As James Murdoch has recently found out, managing your emails can really be quite a chore.
It can be easy to miss important emails, see but not read them or have them accidentally land in your spam filter.
Managing your email well will improve your life immeasurably.
My top tips for managing email, and making sure you both receive and read them are:
Create a priority tag:
Create a big bright flashing priority tag or folder and apply that to anyone hugely important. That could be your boss or the guy with really important information about a massive big news event happening in your organisation.
Apply this to anyone else who, should you miss their email, will find you either fired or in deep trouble in front of a select committee/the world.
Make this tag bold as you like, however your email client allows.
Once one of these emails crop up, make sure you read it, and follow it up as soon as it's received.
Create some useful folders:
Make folders to help you organise the morass of emails you will be bombarded with every day. Read, action, subscriptions, archive and reference are all useful titles. If you're working on a particular project, like a renovation, or holiday, create a folder for them.
Recognise how an email needs to be dealt with. Do you need to act, but it's not a priority? Add it to the action folder. Do you need to read, but at your leisure? Add it to the read folder.
If you sign up to online store or hobby newsletters, add them all to your subscriptions folder and flip through them when you have time.
Any email that you don't need to act on in any way can be swept into your archive folder.
Do not be afraid of the trash folder. Use it. There are plenty of emails that require nothing at all from you and are not worth keeping. They include humorous forwards or chain mail. Where are these coming from anyway, the nineties?
Act when you open an email
Act on an email by filing or replying as soon as you open it. Don't kid yourself into thinking you'll remember to reply or act on an email later. You'll soon be trawling LOLcats and will have forgotten all about it.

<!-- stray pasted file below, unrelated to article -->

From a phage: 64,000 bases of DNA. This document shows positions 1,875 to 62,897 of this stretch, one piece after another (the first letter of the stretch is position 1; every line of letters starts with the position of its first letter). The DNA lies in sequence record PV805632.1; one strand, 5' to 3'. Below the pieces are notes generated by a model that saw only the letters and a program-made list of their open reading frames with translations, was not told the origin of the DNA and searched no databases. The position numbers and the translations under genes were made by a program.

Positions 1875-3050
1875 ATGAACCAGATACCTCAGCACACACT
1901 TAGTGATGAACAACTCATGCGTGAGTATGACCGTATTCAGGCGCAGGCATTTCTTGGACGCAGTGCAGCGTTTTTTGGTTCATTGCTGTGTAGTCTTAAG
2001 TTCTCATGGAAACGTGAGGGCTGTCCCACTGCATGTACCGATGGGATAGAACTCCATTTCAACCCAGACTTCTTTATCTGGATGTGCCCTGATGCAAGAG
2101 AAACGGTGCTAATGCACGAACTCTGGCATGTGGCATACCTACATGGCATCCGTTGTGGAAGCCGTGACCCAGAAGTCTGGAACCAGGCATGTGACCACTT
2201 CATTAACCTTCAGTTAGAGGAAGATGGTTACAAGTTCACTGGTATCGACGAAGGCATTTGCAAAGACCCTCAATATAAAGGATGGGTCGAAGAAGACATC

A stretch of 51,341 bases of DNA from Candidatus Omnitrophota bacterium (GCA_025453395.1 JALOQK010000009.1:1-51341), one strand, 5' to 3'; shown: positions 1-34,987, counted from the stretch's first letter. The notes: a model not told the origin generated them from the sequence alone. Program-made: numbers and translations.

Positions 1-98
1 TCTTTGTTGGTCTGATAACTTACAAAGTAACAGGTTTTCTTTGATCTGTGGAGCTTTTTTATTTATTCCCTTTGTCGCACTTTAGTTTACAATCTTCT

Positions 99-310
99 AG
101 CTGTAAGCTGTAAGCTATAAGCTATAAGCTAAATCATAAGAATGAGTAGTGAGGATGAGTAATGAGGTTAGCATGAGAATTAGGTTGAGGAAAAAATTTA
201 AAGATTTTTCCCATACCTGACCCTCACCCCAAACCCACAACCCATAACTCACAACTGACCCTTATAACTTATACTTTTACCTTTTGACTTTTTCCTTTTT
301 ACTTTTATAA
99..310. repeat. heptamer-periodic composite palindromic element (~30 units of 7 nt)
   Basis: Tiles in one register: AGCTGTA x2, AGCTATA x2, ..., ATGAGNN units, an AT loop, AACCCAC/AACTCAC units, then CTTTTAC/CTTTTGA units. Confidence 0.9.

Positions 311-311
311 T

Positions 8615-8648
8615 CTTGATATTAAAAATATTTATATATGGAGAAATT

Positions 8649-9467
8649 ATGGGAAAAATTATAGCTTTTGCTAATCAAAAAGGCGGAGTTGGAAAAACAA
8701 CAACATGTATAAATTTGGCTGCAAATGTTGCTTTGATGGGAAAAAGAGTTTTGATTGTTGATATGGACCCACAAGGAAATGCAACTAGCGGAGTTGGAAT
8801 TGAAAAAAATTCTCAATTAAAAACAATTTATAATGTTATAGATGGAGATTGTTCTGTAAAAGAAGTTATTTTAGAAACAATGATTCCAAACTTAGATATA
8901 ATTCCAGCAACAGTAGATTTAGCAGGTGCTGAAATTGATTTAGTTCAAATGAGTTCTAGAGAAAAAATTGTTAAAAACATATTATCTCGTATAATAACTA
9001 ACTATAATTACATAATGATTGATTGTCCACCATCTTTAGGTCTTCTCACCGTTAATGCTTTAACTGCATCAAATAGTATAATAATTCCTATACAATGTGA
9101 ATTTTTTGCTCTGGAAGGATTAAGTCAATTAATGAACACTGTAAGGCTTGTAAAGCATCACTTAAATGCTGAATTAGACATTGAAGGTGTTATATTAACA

If think you don't have time to act on email, don't be tempted to open them.
For instance, if you're lounging in your hammock sipping a pina colada on the weekend, and you think "oh I'll just peruse my correspondence on my BlackBerry", be honest with yourself. Have you got the time and inclination to deal with what could be a hugely important email at that moment. No? Then check them later, when you're more cogniscent.
Email is not a phone call
Emails can be hugely important, some so much so that they close profitable newspapers. But they have an in-built time delay. If someone really wants to reach you urgently, they will call, or send minions/heavies to your door. This means you have a time allowance for responding to them. Respond when you can. See tips one and three.
Avoid email all together
Atos, the tech company behind the Olympics, has banned email all together for their staff. It's not because they are mean-spirited, but because there are other methods of communicating that can be more efficient.
Online chat like G-Chat, AIM or Facebook chat can be much faster for banter or quick solutions. You could always consider talking to people face to face the good old fashioned way.
What are your email management tips? Share them with us in comments below.
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